Guido Camargo España
Two postdoctoral scholars from the University of Notre Dame have received Postdoctoral Training Awards in Translational Research from the Indiana Clinical and Translational Sciences Institute (CTSI). The fellowship is designed to provide an “opportunity to be mentored in research-intensive multidisciplinary settings toward the goal of developing careers in translational research.”
Recipients of the Indiana CTSI fellowship are Guido Camargo España, postdoctoral research associate of biological sciences, and Jesus Alonso, postdoctoral research associate of chemistry and biochemistry. Camargo España received his fellowship for work with Alex Perkins, Eck Family Assistant Professor of Biological Sciences at Notre Dame and affiliated member of the Eck Institute for Global Health, and Timothy Endy, professor at State University of New York. For the project, he will conduct simulation modeling to estimate dengue vaccine profiles from trial results.
Currently, there is a dengue vaccine that has shown efficacy in treating patients who have already been infected with the dengue virus. However, the same vaccine, when given to those who have never contracted the dengue virus, can have harsher effects if those people eventually contract the virus.
“There are certain unobservable variables affecting dengue vaccine trials,” said Camargo España. “Therefore, our goal with this research is to simulate these trials using agent-based computational models to better understand what those variables are and how they impact our estimates of the effect of the vaccine.”
Alonso, postdoctoral research associate of chemistry and biochemistry, received his fellowship to work with Brian Baker, Rev. John A. Zahm Professor of Chemistry and Biochemistry at Notre Dame and affiliated member of the Harper Cancer Research Institute, and Michael Nishimura, surgical research professor at Loyola University Medical Center and program director of immunologic therapeutics. Alonso’s research will involve developing a structure-guided design and characterization of a T cell receptor that is used in cancer immunotherapy for treating metastatic melanoma, or skin cancer that has spread to other areas of the body.
“Cancer cells express certain proteins in excess,” said Alonso. “Our objective is to use a T cell receptor, which is essential to the body’s immune response, and engineer mutations on the receptor to better target cancer-specific proteins particularly associated with skin cancer.”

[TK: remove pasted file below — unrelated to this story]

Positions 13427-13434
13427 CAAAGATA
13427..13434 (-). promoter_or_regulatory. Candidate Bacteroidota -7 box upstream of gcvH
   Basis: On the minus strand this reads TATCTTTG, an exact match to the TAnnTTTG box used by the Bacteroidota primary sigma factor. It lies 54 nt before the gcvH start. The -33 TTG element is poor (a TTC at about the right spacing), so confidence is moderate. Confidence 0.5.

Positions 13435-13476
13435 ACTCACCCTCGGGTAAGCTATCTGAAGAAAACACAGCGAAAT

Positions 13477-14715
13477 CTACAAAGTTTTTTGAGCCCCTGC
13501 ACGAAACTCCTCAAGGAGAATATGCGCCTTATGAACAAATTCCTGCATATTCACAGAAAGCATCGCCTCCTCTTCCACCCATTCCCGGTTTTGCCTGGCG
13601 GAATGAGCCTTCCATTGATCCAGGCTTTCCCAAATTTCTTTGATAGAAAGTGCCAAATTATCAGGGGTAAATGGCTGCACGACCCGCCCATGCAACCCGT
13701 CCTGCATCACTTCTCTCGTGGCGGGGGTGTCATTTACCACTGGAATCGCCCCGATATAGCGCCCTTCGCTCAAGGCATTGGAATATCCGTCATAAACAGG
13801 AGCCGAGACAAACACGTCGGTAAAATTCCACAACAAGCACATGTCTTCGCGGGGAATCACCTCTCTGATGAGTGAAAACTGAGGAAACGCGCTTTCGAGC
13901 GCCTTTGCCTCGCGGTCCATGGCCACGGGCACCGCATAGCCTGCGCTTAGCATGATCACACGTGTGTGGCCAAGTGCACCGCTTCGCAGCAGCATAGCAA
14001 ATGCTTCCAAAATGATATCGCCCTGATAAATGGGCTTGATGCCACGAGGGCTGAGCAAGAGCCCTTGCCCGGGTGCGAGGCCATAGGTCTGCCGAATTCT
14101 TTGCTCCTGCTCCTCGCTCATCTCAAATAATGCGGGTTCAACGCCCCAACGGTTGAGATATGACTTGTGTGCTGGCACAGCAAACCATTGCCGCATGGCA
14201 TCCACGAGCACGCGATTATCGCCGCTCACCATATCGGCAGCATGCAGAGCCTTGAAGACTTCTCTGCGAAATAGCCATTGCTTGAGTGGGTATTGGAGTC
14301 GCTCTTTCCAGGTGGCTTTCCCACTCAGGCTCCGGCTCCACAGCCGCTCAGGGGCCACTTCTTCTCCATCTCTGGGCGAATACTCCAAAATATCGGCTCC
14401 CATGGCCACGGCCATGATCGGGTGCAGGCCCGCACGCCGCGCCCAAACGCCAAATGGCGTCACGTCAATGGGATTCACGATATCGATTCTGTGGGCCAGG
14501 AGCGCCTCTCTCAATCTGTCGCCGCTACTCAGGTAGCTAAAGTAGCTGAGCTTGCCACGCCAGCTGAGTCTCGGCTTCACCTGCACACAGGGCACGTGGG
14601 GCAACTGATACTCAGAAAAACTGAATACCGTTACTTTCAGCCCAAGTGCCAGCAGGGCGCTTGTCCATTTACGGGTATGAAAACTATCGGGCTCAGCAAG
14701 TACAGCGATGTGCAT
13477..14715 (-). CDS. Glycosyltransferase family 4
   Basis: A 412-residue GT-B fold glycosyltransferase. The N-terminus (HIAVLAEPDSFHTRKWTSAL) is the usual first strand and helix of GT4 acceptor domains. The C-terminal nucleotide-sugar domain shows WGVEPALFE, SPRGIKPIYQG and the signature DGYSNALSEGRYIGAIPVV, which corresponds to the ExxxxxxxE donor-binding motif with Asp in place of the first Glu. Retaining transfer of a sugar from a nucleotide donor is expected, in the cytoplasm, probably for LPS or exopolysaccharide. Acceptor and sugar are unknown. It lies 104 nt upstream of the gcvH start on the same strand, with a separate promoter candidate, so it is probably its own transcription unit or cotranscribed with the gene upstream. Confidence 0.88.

The Postdoctoral Fellowship in Translational Research offers funding for one year and the potential to renew the fellowship for one additional year. To learn more about this award and other Indiana CTSI funding opportunities received by Notre Dame investigators, please visit https://ctsi.nd.edu/funding/.
The Indiana CTSI is a statewide collaboration of Indiana University, Purdue University, and the University of Notre Dame, as well as public and private partnerships. Established in 2008, the Indiana CTSI is supported by a $25 million Clinical and Translational Science Award from the National Center for Advancing Translational Sciences (NCATS) of the National Institutions of Health, supplemented by nearly $60 million from the state, the three member universities, and public and private partnerships. The Indiana CTSI is a member of a national network of CTSA-funded organizations across the United States.
Brandi Klingerman / Research Communications Specialist
Notre Dame Research / University of Notre Dame
email@example.com / 574.631.8183
About Notre Dame Research:
The University of Notre Dame is a private research and teaching university inspired by its Catholic mission. Located in South Bend, Indiana, its researchers are advancing human understanding through research, scholarship, education, and creative endeavor in order to be a repository for knowledge and a powerful means for doing good in the world. For more information, please see research.nd.edu or @UNDResearch.
Originally published by ctsi.nd.edu on October 19, 2018.at